The wreck of a long-lost Nazi submarine, the U-486, has been found off the west coast of Norway, more than 60 years after it was sunk.
The remains were first spotted north of the port of Bergen last year but have only now been confirmed as the missing U-boat, the Bergen Maritime Museum announced today.
The U-486 last sailed on April 12, 1945, when she came under attack from a British submarine. A torpedo broke the German vessel in two, sending her and all 48 crew onboard to the bottom of the seabed.
The wreck was discovered 820 feet below sea level as oil company Statoil scanned the depths for a location to build an underwater pipeline.
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Upon closer examination, investigators were able to see synthetic rubber tiles covering the outer surface to make the submarine harder to detect by sonar, the Bergen Maritime Museum's Arild Maroey Hansen told Norwegian radio NRK. Only a few German U-boats ever received the experimental treatment.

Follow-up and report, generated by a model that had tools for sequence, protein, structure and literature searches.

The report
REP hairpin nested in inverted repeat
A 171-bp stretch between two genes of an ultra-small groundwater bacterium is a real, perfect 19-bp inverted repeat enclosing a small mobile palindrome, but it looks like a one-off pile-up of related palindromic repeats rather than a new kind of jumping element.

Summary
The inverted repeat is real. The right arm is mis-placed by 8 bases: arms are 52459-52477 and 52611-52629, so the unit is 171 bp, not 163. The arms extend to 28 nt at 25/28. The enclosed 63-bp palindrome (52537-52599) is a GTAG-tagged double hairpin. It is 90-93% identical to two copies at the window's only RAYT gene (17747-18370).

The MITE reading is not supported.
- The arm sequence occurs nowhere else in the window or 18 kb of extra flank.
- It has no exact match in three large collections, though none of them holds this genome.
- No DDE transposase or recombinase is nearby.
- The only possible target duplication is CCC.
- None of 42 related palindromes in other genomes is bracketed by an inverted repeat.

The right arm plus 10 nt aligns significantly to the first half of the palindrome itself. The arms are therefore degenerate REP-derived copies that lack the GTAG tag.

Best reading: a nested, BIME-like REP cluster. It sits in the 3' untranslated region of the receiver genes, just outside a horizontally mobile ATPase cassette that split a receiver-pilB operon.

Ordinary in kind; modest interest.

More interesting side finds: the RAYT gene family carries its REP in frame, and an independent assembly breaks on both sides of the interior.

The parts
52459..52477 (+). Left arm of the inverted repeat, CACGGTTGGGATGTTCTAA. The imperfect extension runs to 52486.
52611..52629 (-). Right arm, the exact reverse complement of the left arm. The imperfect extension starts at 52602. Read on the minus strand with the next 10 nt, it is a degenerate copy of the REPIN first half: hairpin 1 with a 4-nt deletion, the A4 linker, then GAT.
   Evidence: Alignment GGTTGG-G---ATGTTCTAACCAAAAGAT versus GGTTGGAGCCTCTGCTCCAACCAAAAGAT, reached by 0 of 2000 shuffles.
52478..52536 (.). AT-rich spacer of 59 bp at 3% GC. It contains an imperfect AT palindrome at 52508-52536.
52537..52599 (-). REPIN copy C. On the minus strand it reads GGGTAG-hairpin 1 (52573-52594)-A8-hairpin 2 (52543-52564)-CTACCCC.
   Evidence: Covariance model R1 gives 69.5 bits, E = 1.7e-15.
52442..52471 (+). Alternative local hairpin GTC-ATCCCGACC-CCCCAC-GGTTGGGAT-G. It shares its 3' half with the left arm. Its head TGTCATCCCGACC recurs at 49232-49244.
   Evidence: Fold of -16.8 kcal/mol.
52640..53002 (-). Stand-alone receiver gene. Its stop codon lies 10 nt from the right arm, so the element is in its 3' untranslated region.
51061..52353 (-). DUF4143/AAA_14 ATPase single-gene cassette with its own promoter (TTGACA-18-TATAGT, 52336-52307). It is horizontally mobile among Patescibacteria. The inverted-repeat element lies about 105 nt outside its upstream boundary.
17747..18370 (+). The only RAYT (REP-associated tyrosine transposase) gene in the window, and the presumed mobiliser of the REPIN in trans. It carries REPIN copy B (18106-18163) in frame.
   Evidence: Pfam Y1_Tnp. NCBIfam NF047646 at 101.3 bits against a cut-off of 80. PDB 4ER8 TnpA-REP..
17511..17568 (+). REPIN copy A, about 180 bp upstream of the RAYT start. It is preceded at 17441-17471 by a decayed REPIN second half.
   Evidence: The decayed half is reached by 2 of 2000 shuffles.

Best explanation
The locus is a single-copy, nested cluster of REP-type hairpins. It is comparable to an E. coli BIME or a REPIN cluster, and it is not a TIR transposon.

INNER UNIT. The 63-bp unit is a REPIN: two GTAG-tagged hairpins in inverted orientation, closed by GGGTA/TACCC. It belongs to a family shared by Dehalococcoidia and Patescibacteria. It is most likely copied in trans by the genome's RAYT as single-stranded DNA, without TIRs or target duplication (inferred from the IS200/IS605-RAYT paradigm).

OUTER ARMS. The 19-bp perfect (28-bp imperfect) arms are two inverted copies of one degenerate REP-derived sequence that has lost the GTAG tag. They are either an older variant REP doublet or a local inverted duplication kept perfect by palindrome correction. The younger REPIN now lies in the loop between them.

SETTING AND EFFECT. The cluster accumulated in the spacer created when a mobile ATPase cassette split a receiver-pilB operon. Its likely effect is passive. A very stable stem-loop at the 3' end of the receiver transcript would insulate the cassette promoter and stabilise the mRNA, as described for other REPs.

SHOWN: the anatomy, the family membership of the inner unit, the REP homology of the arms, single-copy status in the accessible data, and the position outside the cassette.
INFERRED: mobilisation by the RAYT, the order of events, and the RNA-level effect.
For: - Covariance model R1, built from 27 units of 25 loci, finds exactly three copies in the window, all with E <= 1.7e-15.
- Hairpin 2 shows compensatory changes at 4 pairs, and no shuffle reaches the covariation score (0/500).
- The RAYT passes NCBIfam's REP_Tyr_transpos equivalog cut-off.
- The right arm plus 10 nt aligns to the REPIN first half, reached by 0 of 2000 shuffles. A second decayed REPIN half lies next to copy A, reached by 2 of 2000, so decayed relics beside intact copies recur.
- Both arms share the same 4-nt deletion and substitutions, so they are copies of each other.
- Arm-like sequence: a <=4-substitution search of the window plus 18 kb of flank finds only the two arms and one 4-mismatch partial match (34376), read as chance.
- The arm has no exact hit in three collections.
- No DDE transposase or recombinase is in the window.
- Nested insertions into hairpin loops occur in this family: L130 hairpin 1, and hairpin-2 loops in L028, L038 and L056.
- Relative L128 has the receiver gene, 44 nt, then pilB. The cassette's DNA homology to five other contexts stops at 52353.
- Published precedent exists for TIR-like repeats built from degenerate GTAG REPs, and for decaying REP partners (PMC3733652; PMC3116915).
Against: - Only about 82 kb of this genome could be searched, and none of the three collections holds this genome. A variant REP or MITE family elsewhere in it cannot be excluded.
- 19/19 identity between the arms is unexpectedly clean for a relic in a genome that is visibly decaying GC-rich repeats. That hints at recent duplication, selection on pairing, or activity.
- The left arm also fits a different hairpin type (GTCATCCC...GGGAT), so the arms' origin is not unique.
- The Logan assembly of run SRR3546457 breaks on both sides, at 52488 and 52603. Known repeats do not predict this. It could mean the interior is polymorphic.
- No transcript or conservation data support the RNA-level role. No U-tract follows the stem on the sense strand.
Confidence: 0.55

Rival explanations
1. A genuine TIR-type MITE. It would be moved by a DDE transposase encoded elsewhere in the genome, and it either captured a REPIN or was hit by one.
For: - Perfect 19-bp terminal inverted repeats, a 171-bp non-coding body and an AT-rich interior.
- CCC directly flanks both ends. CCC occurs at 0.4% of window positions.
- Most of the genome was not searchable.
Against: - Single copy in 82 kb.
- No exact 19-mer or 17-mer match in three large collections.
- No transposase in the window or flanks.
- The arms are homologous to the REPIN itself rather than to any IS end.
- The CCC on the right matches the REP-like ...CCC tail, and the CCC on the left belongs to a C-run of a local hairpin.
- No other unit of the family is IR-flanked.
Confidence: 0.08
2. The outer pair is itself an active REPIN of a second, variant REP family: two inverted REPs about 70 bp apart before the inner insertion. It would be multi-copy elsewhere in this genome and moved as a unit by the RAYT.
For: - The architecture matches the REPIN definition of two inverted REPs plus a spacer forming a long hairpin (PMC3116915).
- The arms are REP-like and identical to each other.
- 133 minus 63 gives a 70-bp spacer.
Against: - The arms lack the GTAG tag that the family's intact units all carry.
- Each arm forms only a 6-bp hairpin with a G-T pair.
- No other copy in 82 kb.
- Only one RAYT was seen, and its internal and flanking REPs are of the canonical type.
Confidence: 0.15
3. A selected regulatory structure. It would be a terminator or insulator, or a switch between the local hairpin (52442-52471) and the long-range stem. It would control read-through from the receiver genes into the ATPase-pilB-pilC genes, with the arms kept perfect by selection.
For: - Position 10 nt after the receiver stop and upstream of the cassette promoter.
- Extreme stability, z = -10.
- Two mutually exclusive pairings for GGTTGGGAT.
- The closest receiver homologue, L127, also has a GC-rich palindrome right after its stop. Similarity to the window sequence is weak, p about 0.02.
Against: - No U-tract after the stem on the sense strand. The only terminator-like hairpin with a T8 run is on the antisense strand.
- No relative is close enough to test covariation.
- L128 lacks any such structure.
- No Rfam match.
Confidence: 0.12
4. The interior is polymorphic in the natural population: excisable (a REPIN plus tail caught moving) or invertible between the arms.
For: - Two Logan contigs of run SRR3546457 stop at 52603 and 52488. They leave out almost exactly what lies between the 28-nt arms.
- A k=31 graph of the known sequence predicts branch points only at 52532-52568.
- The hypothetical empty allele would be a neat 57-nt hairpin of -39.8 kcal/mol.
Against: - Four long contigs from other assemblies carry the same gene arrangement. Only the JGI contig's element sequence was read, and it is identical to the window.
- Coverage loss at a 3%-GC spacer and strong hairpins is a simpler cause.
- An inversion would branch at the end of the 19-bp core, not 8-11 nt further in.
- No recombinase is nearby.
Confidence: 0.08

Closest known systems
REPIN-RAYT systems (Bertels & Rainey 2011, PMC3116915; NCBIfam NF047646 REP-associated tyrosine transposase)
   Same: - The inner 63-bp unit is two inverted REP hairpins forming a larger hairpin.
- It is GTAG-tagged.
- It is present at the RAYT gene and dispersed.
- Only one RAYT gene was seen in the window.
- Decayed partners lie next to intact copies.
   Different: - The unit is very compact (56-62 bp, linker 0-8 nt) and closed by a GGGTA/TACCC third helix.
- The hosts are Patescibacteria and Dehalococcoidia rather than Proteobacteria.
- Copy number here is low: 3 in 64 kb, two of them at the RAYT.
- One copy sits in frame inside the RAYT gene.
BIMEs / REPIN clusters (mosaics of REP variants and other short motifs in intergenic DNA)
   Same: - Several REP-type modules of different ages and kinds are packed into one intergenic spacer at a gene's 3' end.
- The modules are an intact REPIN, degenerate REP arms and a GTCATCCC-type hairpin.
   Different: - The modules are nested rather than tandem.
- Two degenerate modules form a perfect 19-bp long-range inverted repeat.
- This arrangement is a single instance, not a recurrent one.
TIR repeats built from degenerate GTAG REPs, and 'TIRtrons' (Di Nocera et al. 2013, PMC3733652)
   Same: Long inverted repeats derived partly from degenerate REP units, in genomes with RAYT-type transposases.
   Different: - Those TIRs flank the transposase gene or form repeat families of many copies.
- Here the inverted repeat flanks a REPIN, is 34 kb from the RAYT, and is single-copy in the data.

There are no plans to disturb the wreck, according to Hansen, though environmental authorities may wish to assess it for possible pollution risks. The submarine's remains could still contain fuel oil and unexploded torpedos, he said.
It lies little over a mile from another German U-boat, the U-864, which was sunk the same year with tons of toxic mercury onboard. Authorities have long debated whether to remove the wreckage in an attempt to contain its hazardous material.
There are most likely more sunken submarines waiting to be found in Norway's waters, Hansen said.
The Nazis stationed much of their U-boat fleet in occupied Norway, using its ports as bases from which to attack Allied ships in the North Atlantic and Artic Ocean.
The U-486 destroyed four ships in her time, most famously the SS Leopoldville, on which 763 American soldiers died.
Click here to see underwater photos of the U-486.